First Lesson: Engage Everyone, Measure Everything
Small to medium-sized businesses (SMBs) typically use marketing companies, like Dex Media and Reach Local, for online and sometimes offline promotions. These companies employ sophisticated campaign management practices and technologies that allow them to arbitrage traffic from large search players like Google and Yahoo. These players can often justify the cost of paying per click by providing every means possible to engage the consumer and to measure such engagement. It's not about brand recall, although that is a major benefit. It's about interactions, whether it's a phone call, an email, a filled out form, a coupon or a visit to a dynamic Web site. It's foolish to assume all consumers want only one way to engage with a business. I hate talking on the phone, so I order online. My mom hates to order online, so she calls a live person. And my dad prefers to go to the store. Knowing that, local advertisers provide every opportunity to interact with the consumer. In addition to typical impression and post click behavioral tracking, online video advertisers might also want to consider the following tactics:
Second Lesson: Optimize, Re-optimize, Then Re-optimize Again
Local search advertisers employ a constant cycle of measurement and optimization. Better performing sources of traffic get prioritized, while wasteful sources are automatically pruned from the plan.
While video advertising isn't as automated as some would hope, some networks and exchanges will allow you to optimize your campaign on the fly as you measure conversions. For instance, one company did a campaign for an auto parts store in a small suburb of Minneapolis. After targeting the Minneapolis DMA coupled with contextual targets of local news, sports, and automobiles, the campaign did OK, but the performance would not justify a sustained campaign. The advertiser optimized the campaign to target only automotive content and to target the neighborhood where the auto parts store was located. This dramatically lowered the number of video impressions served to just 1,000 in one month. However the campaign drove a significantly higher percentage of Web site visits, filled-out forms, and calls to the store at a lower cost to the advertiser.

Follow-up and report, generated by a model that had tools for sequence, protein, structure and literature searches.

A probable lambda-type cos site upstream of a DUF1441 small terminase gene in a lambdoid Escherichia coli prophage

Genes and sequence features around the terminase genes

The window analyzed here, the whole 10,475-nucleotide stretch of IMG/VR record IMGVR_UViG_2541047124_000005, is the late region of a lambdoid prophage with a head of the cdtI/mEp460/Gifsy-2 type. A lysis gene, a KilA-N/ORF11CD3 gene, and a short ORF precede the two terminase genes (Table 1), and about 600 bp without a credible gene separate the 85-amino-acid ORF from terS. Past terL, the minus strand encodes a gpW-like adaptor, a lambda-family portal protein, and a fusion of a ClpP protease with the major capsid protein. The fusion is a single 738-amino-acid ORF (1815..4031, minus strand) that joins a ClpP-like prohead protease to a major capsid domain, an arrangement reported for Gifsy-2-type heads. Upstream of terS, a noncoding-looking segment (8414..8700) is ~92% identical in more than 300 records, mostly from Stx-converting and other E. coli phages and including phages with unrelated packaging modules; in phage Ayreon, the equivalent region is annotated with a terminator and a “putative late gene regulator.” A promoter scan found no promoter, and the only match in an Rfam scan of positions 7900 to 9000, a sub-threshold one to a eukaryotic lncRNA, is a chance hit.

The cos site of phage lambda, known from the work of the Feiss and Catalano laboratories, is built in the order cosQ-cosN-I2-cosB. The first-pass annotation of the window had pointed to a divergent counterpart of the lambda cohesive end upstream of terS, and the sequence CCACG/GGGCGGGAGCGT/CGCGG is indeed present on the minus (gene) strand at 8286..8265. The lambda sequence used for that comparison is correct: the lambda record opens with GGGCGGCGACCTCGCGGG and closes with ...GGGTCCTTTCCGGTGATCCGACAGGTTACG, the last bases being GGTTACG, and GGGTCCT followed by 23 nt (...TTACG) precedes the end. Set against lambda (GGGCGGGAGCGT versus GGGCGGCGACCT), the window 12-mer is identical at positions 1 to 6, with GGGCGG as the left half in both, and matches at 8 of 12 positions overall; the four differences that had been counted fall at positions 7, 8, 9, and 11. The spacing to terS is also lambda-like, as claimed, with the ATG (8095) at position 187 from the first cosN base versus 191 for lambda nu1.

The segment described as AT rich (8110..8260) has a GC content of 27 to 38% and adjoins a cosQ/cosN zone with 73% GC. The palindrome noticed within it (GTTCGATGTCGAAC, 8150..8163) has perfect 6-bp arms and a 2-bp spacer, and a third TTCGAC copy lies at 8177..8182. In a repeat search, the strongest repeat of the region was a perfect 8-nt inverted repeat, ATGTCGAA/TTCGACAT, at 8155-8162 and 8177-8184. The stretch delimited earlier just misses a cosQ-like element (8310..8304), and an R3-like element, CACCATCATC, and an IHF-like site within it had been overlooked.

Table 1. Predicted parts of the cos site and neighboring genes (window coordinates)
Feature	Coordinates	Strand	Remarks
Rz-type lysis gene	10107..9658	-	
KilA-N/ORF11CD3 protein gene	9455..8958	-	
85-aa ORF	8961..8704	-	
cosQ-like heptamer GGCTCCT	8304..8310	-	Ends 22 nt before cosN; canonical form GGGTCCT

Third Lesson: It's the eCPM, Stupid!
The arbitrageurs of local advertising are remarkable in that they will work with any traffic source regardless of the payment model-CPM, CPA or CPC. By understanding and attributing a value to certain interactions with their consumers, whether they are phone calls or filled-out forms, they can always assess the value of a traffic source to quickly determine if it's worth it to them. If a cost per click campaign doesn't offset the cost to generate their desired engagement metrics, then they will shift ad budget somewhere else that can, even if it means paying on a CPM basis.
We've found that local video ads can even outperform branded campaigns paying on a CPM basis when these campaigns are properly targeted, measured and optimized. For instance, in the above auto parts store example, those 1,000 impressions generated 40 visitors to the site and four phone calls, thereby generating traffic worth over $50 eCPM to them.
So what can brands learn from local video advertising? No, not to move to performance-based advertising. I don't think anyone is going to buy a box of mac and cheese online. However inviting consumers to interact on multiple fronts can help easily quantify which traffic sources are most engaging and cost effective. For mac and cheese, potential measurable interactions could be downloading a recipe, printing a coupon, or participating in a survey.
Perhaps if the industry were to more widely adopt the sophisticated tactics found in local search advertising, one could actually argue that local online video advertising could be much larger than the Kelsey Group has projected!